Show, Rather Than Tell
It is easy to talk about an idea, but design is a visual concept. It can also be tough to visualize someone else’s idea or concept. Do some work for the group before you present a new idea. Sketch out a rough layout or put together a mock site. Show the group what colors and fonts you are thinking of using. Make sure to really show the part of the design that is new and fresh. New concepts should be the most developed in your visual presentation.
Don’t, though, spend too much time on your “dummy” project. Remember not all of your ideas will be adopted and you don’t want to lose too many work hours on a mock-up. Put together a clean, simple mock for the presentation; you don’t need a full-blown “finished” project to share.
Know your audience. Is the group made of other visual people? Understand whether a sketch is enough to explain a concept or whether you need to develop a more tangible concept. Make sure to bring plenty of copies (or show your design on a screen) so that everyone has access to the visual presentation.
Proven Track Record
One of the best ways to gain credibility and push new ideas is to prove yourself as a designer every day. Doing quality work and having a proven track record at your company or among clients is one of the best sales tools you can have.
There is no shame in showcasing some of your most successful projects when tackling a new task. As part of your pitch presentation, spend just a few minutes discussing other projects that you developed and why they were successful. Show off a design example or two and explain why it worked.
Display confidence and loyalty. You must believe in your work for others to do the same.
Develop positive relationships and create open lines of communication with everyone you associate with professionally. (It does not hurt to keep this in mind in your personal life as well; in the age of social media so many lines can cross unintentionally.) You are our own commodity in the design business and need to recruit other professionals who trust in your ability.
Show your sketches to trusted peers in advance and take the suggestions into account. By working in advance and collecting other opinions, others will feel like they have had an impact on the design and are more likely to buy in to a concept.
This network will help you sell your ideas as personal backers. They know you and your work. They understand your work ethic and can vouch for your creativity. A strong circle of “recruiters” can open the way for you to work with new people and land projects that you might not have had access to otherwise.
Don’t wait to network. Start building relationships even when you are not in the middle of a project. Keep your portfolio up-to-date and always mention current projects when you meet with past clients. You never know when a passing meeting could send a new project your way.
Design is a concept-based business. There are no definite answers when presenting visuals. Sometimes the best way to sell your idea is to present multiple variations of it.
Show that your concept is flexible and that changes are easily adapted. Instead of bringing just a single sketch to a pitch meeting bring multiple options. There is no magic number, but three different design choices is a good starting point. Although the options do not have to be vastly different, make sure the changes are obvious. You want the options to look like options and not just slight tweaks to a single design.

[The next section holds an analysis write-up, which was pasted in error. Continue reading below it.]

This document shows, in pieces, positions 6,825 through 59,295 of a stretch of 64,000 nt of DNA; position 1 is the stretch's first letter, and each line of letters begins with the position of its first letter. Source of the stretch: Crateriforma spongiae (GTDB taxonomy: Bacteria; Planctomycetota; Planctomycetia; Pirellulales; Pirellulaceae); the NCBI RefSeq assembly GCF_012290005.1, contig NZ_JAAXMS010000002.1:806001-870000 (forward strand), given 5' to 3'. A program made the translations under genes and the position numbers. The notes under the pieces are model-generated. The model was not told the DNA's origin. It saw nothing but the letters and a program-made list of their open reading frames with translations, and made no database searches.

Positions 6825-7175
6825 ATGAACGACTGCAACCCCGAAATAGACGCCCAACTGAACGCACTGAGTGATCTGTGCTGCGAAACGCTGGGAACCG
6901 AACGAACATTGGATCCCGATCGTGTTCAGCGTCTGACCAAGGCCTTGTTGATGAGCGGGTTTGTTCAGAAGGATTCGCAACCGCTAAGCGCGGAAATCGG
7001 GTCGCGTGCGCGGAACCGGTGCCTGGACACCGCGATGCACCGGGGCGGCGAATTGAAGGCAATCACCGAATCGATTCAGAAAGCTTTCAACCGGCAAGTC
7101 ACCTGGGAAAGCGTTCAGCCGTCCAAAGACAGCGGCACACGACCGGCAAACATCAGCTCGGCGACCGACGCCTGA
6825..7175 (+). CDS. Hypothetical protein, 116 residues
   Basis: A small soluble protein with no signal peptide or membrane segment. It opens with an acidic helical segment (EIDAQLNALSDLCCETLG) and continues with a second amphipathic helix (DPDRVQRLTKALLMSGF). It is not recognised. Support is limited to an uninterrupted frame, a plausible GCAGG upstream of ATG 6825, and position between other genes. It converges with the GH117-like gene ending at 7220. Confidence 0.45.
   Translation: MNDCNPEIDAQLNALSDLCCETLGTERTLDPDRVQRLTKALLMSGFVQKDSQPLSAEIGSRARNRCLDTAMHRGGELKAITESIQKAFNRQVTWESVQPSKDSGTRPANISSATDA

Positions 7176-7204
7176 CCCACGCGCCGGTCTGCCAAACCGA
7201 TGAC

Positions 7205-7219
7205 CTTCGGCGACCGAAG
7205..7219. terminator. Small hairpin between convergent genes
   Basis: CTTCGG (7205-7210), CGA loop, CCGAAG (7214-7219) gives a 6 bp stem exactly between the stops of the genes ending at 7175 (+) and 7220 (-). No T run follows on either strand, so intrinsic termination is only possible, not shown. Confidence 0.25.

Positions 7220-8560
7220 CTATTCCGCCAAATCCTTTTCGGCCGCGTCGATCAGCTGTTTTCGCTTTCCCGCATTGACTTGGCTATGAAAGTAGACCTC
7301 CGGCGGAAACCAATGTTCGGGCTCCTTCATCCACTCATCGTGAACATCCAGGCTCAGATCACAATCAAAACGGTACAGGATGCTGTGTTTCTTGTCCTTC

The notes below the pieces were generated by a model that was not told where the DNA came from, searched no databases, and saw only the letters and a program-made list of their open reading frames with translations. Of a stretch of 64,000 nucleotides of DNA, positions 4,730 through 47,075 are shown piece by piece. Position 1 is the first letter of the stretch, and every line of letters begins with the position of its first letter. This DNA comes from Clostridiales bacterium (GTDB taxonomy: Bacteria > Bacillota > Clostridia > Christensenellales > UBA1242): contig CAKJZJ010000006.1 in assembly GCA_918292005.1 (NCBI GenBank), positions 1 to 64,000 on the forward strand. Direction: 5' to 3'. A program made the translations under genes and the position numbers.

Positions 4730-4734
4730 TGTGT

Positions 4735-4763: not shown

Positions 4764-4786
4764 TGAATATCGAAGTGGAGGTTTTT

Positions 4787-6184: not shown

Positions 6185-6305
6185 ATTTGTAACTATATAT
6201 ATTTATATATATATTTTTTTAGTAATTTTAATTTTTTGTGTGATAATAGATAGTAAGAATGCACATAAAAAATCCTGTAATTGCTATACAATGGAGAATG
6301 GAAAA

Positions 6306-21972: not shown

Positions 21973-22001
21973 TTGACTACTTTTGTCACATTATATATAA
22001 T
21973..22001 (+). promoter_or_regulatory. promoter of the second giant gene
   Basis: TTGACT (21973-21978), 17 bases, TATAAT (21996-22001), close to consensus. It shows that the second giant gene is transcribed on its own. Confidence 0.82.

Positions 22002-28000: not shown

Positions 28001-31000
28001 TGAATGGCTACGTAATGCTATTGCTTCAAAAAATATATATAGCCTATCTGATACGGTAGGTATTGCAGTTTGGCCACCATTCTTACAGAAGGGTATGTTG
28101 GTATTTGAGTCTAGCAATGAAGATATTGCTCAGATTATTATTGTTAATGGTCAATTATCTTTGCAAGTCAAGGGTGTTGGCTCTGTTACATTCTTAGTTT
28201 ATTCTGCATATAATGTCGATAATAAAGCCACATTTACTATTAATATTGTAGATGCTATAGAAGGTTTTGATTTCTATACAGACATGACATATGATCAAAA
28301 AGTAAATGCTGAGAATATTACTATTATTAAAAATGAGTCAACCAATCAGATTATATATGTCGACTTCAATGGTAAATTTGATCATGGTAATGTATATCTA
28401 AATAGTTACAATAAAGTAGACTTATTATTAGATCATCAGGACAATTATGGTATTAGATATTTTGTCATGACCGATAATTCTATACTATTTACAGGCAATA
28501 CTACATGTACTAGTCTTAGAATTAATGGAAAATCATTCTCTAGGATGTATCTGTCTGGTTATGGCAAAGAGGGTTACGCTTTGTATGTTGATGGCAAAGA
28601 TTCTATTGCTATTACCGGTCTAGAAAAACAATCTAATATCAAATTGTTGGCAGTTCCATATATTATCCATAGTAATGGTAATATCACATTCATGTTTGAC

Discuss how other changes would work with your design and promote its flexibility. How would other colors or fonts work with the concept? How would you incorporate a much larger or smaller logo? For web design projects also explain how the design will work for other applications: Will it translate to mobile or tablet design?
Accept Criticism and Suggestions
It can be hard to hear criticism about your design but understand that comes with the territory when you are working in a field without absolutes. Graciously accept constructive criticism and suggestions even if you don’t agree with what you are hearing. People generally want to work with other people who can collaborate. Combative words will not help you gain respect and trust when taking on a new project.
Accept new ideas and discuss the pros and cons as they relate to the project. Understand that the client must be happy with the final result. If suggestions are not something you can work with and implement, you must decide if they project is something that you should take on.
Finally, you might have to wait and revise and wait and revise. Very few final designs look like that first sketch. Understand that sometimes the process can take time. Be patient and work to make revisions or changes. Some projects require many layers of approval. Give the project time to get through the cycle before you give up. Make follow-up calls or send quick emails to track the project’s progress.
Be patient with other projects. Don’t try to push the design envelope with every task you are assigned. Remember the boy who cried wolf? If you cry redesign on every project, you will not be taken as seriously when you have a concept that really works. Push for something new and unique when it is called for, but also know when to hold back.
Having an idea for a great design is not enough. For that concept to see the light of day, you have to sell it.
Be ready to show off your concept to potential internal or external clients, present design options for review and be patient on the way to success. Remember that not every project needs to be started from scratch and you have to show solid work before you get to tackle new things. Establish strong networks and a proven track record with your work so that your design projects will be accepted for publication.